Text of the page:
Ever wonder how a BigMac affects your world? Taking its inspiration from the movie The Game (starring Michael Douglas), and the article “Why I Love Bees” by Jane McGonigal (discussing the ARG created to release the new Halo game), this ARG works backwards to lead players to something they would never suspect – the Big Mac. From the very beginning, players don’t know that the game even involves a Big Mac. All they know is that they have been asked to participate, follow clues, go on missions, and document (via video and still photos) what they see and experience along the way.
This is the final documentation and presentation Mike Edwards, Katrina Bekessey and I put together to explain how our BigMac ARG game for think.mtv.com and PetLAB would work.
House Party was a game created in my PetLab Collab class at Parson's the New School for Design for MTV's new social website think.mtv.com.
House Party teaches young adults social responsibility regarding drinking and sex in a safe and fun digital environment of a single player time-management game.
You are the proud renter of a new apartment and have decided to invite a few friends from college over to see it. The word spreads around school and more individuals than you expected show. It is up to you to keep your friends and acquaintances happy while keeping them and your apartment safe. Throw a good party and watch your social status soar. Throw a bad party and watch it sink.
OBJECTIVE: As each guest leaves your party, you are awarded social status points (amount is determined by happiness of guest). Clear each level by gaining a sufficient amount of social status points. Use the social status points to purchase upgrades for your party and apartment between levels.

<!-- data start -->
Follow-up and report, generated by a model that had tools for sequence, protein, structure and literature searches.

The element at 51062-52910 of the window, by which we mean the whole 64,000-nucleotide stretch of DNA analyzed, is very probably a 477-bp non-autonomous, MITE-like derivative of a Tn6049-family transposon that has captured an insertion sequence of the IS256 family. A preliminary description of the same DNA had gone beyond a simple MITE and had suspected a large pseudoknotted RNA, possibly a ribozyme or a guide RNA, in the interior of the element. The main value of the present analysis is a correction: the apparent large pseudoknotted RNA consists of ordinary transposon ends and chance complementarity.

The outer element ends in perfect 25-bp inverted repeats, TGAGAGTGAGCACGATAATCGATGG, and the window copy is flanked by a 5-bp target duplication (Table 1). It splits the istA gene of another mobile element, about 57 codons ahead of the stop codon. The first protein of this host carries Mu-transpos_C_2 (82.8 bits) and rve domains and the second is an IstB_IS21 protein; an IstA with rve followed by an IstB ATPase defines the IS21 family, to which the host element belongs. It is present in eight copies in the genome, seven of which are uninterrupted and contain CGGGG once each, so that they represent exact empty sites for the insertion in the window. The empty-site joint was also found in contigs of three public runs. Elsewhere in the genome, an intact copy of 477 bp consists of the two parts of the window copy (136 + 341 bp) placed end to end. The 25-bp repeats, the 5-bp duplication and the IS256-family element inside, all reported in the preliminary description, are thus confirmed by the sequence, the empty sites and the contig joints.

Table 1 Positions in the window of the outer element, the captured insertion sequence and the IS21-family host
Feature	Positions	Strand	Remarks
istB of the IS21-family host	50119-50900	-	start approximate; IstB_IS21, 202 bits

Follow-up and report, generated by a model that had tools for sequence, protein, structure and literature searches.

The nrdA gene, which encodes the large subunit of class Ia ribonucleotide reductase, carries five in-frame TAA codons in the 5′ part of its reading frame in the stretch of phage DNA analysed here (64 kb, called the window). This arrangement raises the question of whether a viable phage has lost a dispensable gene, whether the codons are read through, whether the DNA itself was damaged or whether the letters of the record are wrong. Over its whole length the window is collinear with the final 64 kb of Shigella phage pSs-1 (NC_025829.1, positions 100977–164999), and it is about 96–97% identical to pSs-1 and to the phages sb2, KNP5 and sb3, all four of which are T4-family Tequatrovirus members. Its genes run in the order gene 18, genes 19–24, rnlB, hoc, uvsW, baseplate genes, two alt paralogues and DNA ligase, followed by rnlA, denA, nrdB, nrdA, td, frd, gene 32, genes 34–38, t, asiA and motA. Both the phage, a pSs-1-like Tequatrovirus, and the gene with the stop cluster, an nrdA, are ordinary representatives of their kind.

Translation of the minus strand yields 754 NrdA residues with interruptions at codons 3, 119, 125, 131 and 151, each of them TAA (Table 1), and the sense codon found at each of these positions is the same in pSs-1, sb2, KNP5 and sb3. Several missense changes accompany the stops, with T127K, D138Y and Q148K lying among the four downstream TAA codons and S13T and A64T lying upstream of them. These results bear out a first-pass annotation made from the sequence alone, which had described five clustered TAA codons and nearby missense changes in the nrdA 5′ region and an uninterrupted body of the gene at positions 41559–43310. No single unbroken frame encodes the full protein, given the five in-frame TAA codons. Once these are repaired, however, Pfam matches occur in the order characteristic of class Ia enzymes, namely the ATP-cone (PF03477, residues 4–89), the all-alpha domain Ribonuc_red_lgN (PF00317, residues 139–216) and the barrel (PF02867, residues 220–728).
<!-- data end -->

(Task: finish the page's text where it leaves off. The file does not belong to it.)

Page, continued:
LEVELS There are 50 levels of game play in House Party. Every 10 levels takes place in a new environment. A new character or upgrade is made available after each level of play.
WINNING Complete all 50 levels to achieve supreme status as Party God at your college.
Gordie Fuz is a wireless toy that uses IR to communicate with other IR devices. He can receive and transmit various data with every toy made in my Wireless Toys class at Parsons.
Each person's toy was to have three buttons, each of which sent out different data when it was pressed. Your toy had to read and visually show which toy was sending data, determine if a button was being pressed, and which button (if any) on the emitting toy was pressed.
I created a lamp for the first project (placies) in Wireless Toys.
The bottom shade houses 10 RGB LEDs (controlled by three knobs and two switches located on a cube off to the side). Each knob is attached to a potentiometer whose value corresponds to the amount of red, blue or green light the LEDs emanate. The switches turn pulse width modulation and blinking on and off.
The shades are casted using Sorta Clear silicone. Below is a close up of the top shade.
AWARE is an alert device for patients and caregives who are concerned with excessive bleeding. If profuse bleeding occurs AWARE emits a high pitched sound that is loud enough to wake a sleeping individual and be heard from distance. It was designed to bring piece of mind to the people who are afraid to sleep or leave the bedside of a loved one due to a medical condition that causes random bleeding.